There aren’t many TV shows that could make a corporate breakup – one involving lawyers, no less – as anxiety-inducing a viewing experience as an alien invasion or zombie apocalypse.
But as CBS’ “The Good Wife” on Sunday makes good on the promise of its fourth-season finale, sending Alicia Florrick (Julianna Margulies) and a bunch of disgruntled associates off to make their fortunes outside of Lockhart Gardner, things get wonderfully, nail-bitingly messy.
Because as much as Alicia would like to believe that she’s merely made a coolheaded business decision, she’s also betrayed a trust, as coolheaded businesspeople have been known to do.
And it says a lot about just how adult a show “The Good Wife” is that betraying not only her longtime friend, mentor and sometime lover Will Gardner (Josh Charles) but the people who’d recently welcomed her as a partner has been given nearly as much weight as the sexual and psychological betrayal that brought Alicia to Lockhart Gardner in the first place.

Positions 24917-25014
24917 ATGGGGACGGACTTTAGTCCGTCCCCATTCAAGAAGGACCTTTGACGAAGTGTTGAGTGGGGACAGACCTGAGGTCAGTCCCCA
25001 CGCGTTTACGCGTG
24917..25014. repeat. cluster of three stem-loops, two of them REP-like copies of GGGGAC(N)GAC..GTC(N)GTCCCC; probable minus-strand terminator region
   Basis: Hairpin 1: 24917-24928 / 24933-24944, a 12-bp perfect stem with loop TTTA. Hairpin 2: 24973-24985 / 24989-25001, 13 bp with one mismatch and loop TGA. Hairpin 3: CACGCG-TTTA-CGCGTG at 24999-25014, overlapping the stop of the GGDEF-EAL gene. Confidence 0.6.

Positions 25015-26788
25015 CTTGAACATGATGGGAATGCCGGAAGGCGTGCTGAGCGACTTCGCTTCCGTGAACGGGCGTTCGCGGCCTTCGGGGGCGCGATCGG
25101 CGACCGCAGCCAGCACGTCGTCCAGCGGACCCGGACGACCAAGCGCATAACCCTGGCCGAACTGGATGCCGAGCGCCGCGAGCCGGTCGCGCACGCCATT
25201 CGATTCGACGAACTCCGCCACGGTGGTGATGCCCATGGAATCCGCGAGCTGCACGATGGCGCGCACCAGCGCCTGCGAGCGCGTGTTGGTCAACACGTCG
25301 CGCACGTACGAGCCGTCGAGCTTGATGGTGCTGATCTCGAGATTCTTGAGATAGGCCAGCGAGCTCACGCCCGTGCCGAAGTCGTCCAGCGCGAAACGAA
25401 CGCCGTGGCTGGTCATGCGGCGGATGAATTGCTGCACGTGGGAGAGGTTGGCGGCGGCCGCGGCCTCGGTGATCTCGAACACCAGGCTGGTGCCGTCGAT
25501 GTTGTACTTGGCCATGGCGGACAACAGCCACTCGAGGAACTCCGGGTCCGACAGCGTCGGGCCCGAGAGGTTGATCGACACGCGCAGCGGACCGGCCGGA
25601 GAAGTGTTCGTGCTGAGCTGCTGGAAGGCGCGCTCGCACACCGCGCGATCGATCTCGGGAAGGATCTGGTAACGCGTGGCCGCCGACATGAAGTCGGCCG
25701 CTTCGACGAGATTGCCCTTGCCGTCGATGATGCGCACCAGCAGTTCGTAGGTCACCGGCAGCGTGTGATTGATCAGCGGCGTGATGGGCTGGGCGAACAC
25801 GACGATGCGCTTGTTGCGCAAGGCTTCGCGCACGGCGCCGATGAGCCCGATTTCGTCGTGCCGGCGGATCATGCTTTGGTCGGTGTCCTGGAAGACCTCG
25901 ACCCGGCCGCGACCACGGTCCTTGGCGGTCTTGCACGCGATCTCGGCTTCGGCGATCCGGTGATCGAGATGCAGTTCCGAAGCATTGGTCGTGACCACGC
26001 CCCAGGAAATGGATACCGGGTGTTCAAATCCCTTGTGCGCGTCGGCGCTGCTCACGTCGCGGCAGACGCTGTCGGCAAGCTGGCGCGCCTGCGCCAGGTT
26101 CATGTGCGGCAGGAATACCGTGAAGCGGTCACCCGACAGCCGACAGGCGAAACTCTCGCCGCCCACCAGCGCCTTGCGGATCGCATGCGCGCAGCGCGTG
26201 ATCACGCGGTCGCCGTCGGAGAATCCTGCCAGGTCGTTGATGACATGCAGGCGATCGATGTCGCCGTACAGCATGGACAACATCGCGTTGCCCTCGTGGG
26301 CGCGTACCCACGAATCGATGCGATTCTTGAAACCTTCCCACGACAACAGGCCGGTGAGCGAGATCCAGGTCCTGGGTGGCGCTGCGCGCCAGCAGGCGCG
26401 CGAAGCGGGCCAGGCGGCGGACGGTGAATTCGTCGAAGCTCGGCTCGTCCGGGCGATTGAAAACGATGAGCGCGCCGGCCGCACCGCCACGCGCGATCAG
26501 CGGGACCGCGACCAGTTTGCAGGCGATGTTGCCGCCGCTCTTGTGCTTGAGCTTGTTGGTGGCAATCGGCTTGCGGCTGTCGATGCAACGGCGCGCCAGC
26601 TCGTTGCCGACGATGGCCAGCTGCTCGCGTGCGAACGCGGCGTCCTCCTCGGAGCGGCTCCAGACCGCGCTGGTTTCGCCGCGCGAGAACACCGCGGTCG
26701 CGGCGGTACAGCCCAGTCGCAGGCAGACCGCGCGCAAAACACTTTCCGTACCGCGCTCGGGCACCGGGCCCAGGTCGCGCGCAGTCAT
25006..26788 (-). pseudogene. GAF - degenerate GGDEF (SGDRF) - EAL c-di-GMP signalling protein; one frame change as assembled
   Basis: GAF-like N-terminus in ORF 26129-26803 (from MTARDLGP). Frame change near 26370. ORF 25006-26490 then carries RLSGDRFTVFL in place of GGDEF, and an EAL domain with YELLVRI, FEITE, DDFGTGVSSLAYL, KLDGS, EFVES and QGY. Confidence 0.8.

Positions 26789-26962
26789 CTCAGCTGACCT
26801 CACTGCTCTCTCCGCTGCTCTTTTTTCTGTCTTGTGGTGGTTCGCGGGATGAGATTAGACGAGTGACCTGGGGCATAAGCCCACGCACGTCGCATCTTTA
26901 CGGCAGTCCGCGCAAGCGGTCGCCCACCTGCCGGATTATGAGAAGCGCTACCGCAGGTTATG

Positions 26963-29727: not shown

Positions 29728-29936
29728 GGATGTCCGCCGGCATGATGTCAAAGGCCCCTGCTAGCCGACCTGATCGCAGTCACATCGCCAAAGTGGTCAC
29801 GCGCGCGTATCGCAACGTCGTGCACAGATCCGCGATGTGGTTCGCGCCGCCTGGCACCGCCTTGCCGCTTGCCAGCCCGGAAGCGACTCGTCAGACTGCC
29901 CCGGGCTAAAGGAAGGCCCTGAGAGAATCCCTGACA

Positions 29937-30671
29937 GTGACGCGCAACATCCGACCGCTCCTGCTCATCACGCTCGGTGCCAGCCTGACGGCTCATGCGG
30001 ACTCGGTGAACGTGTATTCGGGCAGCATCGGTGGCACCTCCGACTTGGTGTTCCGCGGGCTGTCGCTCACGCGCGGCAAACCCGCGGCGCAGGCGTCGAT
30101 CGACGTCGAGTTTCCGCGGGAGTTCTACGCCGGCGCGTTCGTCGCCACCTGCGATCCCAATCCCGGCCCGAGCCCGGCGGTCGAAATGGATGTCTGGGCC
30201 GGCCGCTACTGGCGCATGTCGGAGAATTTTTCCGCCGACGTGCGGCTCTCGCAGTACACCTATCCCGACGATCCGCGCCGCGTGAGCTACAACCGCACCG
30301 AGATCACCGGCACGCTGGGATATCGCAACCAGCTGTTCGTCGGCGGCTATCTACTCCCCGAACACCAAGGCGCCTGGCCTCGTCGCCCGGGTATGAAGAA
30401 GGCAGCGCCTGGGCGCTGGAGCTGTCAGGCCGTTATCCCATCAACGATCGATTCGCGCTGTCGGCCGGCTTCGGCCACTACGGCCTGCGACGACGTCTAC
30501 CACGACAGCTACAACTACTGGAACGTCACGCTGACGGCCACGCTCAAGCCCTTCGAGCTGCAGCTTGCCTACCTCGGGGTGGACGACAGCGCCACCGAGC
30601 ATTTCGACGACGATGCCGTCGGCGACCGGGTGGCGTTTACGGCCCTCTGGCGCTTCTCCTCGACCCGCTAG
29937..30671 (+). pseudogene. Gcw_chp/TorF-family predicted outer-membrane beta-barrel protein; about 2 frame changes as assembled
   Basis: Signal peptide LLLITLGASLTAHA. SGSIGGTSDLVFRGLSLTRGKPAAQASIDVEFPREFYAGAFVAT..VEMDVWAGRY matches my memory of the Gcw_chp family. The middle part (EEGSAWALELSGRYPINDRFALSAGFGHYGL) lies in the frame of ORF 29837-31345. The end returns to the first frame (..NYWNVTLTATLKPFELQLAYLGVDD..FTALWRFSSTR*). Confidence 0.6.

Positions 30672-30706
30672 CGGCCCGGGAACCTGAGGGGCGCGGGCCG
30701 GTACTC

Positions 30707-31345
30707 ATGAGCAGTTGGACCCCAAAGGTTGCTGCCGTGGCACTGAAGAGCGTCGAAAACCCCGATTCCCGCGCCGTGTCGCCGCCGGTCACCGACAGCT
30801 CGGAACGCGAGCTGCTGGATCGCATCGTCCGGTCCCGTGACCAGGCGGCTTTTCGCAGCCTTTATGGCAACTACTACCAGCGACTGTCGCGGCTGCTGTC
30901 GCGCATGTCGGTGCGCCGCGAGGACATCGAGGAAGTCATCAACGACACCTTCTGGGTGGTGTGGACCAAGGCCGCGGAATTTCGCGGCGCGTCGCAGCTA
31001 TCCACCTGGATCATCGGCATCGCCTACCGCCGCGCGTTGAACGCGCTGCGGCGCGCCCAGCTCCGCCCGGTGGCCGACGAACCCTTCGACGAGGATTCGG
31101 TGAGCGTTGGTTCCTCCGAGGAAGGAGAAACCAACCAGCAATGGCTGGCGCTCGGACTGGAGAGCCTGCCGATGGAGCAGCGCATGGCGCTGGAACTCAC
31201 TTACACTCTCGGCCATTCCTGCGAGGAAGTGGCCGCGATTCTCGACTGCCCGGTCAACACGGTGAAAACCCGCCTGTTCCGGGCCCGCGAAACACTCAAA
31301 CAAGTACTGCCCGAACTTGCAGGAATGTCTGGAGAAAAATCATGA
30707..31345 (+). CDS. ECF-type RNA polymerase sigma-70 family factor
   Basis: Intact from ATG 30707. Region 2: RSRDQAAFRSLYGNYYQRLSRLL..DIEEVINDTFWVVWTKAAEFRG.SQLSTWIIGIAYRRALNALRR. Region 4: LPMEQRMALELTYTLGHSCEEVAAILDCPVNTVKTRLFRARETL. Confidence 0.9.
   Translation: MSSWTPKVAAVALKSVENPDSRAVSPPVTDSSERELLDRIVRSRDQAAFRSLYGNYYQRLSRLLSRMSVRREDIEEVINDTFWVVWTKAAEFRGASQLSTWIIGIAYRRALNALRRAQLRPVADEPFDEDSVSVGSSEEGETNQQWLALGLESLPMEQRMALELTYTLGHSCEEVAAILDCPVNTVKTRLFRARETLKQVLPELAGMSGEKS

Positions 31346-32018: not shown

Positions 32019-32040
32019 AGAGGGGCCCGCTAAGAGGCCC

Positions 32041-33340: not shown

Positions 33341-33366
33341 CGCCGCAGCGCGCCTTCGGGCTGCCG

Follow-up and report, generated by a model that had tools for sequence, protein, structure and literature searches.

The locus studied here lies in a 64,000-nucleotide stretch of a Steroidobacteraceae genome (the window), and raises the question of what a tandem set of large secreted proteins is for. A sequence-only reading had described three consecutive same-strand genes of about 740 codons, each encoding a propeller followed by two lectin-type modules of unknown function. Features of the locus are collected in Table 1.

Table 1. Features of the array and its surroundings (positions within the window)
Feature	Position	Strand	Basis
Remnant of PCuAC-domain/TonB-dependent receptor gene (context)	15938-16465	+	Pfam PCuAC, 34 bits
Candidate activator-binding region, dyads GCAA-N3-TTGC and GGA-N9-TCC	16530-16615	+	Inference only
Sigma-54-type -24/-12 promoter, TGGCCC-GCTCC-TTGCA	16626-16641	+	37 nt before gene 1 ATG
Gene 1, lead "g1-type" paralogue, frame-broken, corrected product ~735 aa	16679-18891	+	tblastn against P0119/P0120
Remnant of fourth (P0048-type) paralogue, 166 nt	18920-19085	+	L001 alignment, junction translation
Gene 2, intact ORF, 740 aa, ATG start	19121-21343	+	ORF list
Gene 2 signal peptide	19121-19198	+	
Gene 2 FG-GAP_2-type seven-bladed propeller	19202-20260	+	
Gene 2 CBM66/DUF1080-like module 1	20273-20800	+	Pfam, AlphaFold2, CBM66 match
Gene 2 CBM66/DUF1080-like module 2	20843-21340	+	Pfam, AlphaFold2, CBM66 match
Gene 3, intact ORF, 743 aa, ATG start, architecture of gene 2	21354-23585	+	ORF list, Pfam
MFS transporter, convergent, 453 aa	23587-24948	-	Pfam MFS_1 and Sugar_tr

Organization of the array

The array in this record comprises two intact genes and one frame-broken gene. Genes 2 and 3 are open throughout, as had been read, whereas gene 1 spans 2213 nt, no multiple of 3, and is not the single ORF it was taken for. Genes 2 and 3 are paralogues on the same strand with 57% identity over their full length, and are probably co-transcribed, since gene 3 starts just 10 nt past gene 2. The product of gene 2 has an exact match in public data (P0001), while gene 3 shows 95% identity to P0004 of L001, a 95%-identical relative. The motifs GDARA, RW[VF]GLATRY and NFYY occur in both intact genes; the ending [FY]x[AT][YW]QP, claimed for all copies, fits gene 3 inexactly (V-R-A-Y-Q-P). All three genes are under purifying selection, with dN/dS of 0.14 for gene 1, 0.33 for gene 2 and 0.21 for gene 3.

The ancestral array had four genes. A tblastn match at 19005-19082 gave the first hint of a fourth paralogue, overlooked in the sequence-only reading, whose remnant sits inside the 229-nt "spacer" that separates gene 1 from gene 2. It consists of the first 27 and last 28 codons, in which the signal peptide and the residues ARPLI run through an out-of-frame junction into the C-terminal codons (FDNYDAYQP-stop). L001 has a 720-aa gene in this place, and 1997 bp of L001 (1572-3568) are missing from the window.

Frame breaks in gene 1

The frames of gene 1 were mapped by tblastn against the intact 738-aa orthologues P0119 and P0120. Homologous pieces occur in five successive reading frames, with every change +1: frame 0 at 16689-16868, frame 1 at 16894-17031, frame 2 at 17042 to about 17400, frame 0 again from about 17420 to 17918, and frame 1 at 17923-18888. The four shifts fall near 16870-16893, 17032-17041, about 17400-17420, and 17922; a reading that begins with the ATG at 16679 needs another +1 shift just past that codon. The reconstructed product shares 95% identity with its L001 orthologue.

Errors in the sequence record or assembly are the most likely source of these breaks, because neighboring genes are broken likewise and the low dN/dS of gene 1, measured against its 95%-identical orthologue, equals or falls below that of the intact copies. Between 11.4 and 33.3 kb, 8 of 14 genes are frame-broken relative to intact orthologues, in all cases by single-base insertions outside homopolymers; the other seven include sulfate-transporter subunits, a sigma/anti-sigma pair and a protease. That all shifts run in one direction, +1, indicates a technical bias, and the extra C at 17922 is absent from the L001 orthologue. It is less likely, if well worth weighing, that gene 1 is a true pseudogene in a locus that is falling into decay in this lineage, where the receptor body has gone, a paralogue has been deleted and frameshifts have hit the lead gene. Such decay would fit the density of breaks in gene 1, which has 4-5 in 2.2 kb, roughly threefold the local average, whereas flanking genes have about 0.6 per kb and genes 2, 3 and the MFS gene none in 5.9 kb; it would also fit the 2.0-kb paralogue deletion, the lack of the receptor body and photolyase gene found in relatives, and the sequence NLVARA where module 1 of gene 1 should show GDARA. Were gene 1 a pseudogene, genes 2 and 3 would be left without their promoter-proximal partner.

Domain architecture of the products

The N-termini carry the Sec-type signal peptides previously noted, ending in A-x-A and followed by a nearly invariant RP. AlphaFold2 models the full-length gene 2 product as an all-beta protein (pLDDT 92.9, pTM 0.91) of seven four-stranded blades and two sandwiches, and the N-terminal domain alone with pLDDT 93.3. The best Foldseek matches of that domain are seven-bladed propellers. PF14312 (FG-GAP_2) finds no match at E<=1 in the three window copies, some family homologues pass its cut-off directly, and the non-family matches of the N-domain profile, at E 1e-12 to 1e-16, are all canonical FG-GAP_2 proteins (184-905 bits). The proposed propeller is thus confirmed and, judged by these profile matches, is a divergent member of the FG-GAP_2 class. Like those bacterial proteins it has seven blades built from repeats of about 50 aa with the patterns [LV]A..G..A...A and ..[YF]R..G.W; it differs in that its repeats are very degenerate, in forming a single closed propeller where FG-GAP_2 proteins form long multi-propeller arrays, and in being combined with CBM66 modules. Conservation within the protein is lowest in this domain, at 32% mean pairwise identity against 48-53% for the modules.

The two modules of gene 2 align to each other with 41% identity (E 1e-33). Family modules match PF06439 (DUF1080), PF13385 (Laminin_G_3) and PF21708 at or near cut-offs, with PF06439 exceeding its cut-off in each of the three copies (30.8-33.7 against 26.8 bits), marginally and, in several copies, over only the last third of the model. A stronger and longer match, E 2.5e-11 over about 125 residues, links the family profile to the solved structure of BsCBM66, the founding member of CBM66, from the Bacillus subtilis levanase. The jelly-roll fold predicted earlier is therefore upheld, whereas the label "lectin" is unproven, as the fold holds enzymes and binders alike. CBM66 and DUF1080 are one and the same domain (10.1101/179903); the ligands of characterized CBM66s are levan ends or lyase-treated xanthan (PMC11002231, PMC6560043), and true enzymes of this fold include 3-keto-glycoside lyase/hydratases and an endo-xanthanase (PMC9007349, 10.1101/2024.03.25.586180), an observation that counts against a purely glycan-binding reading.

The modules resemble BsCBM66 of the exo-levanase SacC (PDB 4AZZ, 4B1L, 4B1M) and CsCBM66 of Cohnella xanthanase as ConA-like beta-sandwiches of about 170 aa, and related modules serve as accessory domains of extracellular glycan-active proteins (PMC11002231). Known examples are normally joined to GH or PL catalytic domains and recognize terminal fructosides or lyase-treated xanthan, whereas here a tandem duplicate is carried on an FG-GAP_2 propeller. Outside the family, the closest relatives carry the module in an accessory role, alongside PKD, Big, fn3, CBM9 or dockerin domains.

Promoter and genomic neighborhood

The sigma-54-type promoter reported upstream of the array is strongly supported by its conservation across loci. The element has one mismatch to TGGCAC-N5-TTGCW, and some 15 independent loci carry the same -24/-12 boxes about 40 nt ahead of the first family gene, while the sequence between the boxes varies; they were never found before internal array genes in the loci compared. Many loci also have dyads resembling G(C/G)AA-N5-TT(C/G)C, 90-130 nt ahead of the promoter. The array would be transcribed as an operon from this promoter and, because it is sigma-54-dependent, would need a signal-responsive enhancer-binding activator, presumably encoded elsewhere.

And that it’s still not stopping her from leaving, or from taking as many clients with her as she can.
As sure-footed in its fifth season as it was in its first, when Alicia was putting her life back together amid a scandal involving her politician husband Peter (Chris Noth), “The Good Wife” is unafraid to make Alicia as flawed – and therefore as interesting – as those who’ve occasionally done her wrong.
There are consequences, though, and anyone working in corporate America will probably feel a twinge or two of agita at how quickly, and how efficiently, things get nasty.
Speaking of nasty, in Sunday’s episode, “Hitting the Fan,” Alicia and Peter (now the governor-elect of Illinois) have the kind of fun we haven’t seen them share in a while (and I’m not only talking about the sex).
Maybe it’s because they’re both navigating that tricky territory between the high and low roads?
Still, my favorite moment in the episode is a small one: Will, who’s answered the phone that Alicia left behind, relays a message from her daughter and they each briefly suspend hostilities, as if reminded that even in war some things remain out of bounds.
And that they are, after all, adults.
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